(Well that’s what taxes are you progs)

  13. Can’t wait for Trump-approved public tv programs.

  14. The more WAMU replaces Bluegrass Country with NPR, the less sympathy I have for public broadcasting.

  15. Cut it loose. If it can’t swim, let it sink.

  16. I’m always surprised people don’t post the numbers during these discussions!

    Corporation for Public Broadcasting 2014 Federal Government appropriation: $445 Million
    An endowment of $8.9 billion would be needed to throw off enough interest to fund it, based on 5% ROI.

    Hey while at it, throw in the $553 million budget for Planned Parenthood and get to a nice cool Billion. Endowment needed at 5% to fund a billion? 20 Billion.

    The richest liberals have a net worth of $427 Billion. They could do this easily.

    Rich guys’ net worth, in billions
    1. Bill Gates 75
    2. Amancio Ortega 67
    3. Warren Buffett 61
    4. Carlos Slim Helu 50
    5. Jeff Bezos 45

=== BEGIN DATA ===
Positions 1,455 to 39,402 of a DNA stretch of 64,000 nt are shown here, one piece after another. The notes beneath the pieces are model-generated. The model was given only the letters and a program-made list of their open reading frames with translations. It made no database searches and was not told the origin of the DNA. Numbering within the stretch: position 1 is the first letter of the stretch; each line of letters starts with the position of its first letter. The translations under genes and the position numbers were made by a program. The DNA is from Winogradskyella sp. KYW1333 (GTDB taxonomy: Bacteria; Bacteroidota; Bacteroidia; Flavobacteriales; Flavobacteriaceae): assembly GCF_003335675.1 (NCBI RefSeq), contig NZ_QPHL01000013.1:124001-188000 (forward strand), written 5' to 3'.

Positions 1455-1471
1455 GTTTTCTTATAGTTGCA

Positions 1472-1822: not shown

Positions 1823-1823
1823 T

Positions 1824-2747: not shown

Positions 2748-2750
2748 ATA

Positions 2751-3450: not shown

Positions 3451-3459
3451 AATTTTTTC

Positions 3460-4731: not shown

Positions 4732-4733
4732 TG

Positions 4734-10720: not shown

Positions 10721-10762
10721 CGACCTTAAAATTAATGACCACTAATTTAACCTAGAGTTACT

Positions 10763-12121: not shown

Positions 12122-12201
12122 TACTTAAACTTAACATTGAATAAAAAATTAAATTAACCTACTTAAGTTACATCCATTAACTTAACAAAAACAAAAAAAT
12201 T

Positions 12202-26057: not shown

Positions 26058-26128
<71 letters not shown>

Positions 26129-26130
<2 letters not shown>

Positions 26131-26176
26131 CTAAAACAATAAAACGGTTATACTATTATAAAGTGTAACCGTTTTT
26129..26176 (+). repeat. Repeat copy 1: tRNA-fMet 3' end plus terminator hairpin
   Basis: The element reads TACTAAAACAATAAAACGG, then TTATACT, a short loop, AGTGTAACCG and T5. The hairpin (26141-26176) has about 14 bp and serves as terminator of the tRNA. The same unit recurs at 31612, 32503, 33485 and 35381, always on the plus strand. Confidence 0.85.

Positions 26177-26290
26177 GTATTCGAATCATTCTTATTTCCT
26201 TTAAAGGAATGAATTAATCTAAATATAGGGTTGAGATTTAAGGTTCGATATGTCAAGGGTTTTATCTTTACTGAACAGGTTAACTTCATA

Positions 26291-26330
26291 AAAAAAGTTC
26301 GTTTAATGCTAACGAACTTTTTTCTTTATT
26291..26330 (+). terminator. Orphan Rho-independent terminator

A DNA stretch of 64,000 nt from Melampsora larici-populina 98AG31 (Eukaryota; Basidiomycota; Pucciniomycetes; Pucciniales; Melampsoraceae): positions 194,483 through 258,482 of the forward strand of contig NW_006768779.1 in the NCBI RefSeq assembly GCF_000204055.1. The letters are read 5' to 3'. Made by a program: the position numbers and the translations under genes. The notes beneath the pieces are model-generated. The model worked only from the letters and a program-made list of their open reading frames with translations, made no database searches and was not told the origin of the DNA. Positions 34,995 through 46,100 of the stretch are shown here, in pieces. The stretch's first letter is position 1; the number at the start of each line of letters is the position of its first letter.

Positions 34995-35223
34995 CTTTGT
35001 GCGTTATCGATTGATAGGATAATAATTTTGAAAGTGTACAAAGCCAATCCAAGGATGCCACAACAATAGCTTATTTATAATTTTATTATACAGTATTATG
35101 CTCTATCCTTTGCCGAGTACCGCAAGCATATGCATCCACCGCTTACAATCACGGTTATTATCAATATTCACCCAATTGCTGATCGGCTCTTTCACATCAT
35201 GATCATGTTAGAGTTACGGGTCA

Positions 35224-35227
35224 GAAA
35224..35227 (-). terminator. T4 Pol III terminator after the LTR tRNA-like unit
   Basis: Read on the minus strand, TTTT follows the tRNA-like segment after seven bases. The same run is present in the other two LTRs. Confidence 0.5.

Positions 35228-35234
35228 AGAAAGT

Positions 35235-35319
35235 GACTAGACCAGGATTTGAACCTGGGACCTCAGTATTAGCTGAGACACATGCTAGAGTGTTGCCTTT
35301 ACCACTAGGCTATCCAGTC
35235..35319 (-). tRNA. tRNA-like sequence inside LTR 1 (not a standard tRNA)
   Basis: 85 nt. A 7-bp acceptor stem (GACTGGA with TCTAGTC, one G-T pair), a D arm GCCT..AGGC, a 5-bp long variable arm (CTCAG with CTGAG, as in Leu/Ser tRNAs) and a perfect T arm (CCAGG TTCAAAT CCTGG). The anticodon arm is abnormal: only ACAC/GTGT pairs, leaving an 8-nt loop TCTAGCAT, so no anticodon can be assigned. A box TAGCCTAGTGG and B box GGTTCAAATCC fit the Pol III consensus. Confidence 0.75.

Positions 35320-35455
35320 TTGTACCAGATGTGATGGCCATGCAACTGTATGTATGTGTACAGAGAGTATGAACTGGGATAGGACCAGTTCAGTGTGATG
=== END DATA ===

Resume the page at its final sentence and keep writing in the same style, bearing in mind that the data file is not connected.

6. Mark Zuckerberg 45
    7. Larry Ellison 44
    8. Michael Bloomberg 40

    I say, let liberal billionaires fund CPB and Planned Parenthood.

  17. I’m always surprised people don’t post the numbers during these discussions!

    Corporation for Public Broadcasting 2014 Federal Government appropriation: $445 Million
    An endowment of $8.9 billion would be needed to throw off enough interest to fund it, based on 5% ROI.

    Hey while at it, throw in the $553 million budget for Planned Parenthood and get to a nice cool Billion. Endowment needed at 5% to fund a billion? 20 Billion.

    The richest liberals have a net worth of $427 Billion. They could do this easily.

    Rich guys’ net worth, in billions
    1. Bill Gates 75
    2. Amancio Ortega 67
    3. Warren Buffett 61
    4. Carlos Slim Helu 50
    5. Jeff Bezos 45
    6. Mark Zuckerberg 45
    7. Larry Ellison 44
    8. Michael Bloomberg 40

    I say, let liberal billionaires fund CPB and Planned Parenthood.

  18. It can only be GREAT if it is INDEPENDENT.
    End the funding for the Corporation for Public Broadcasting!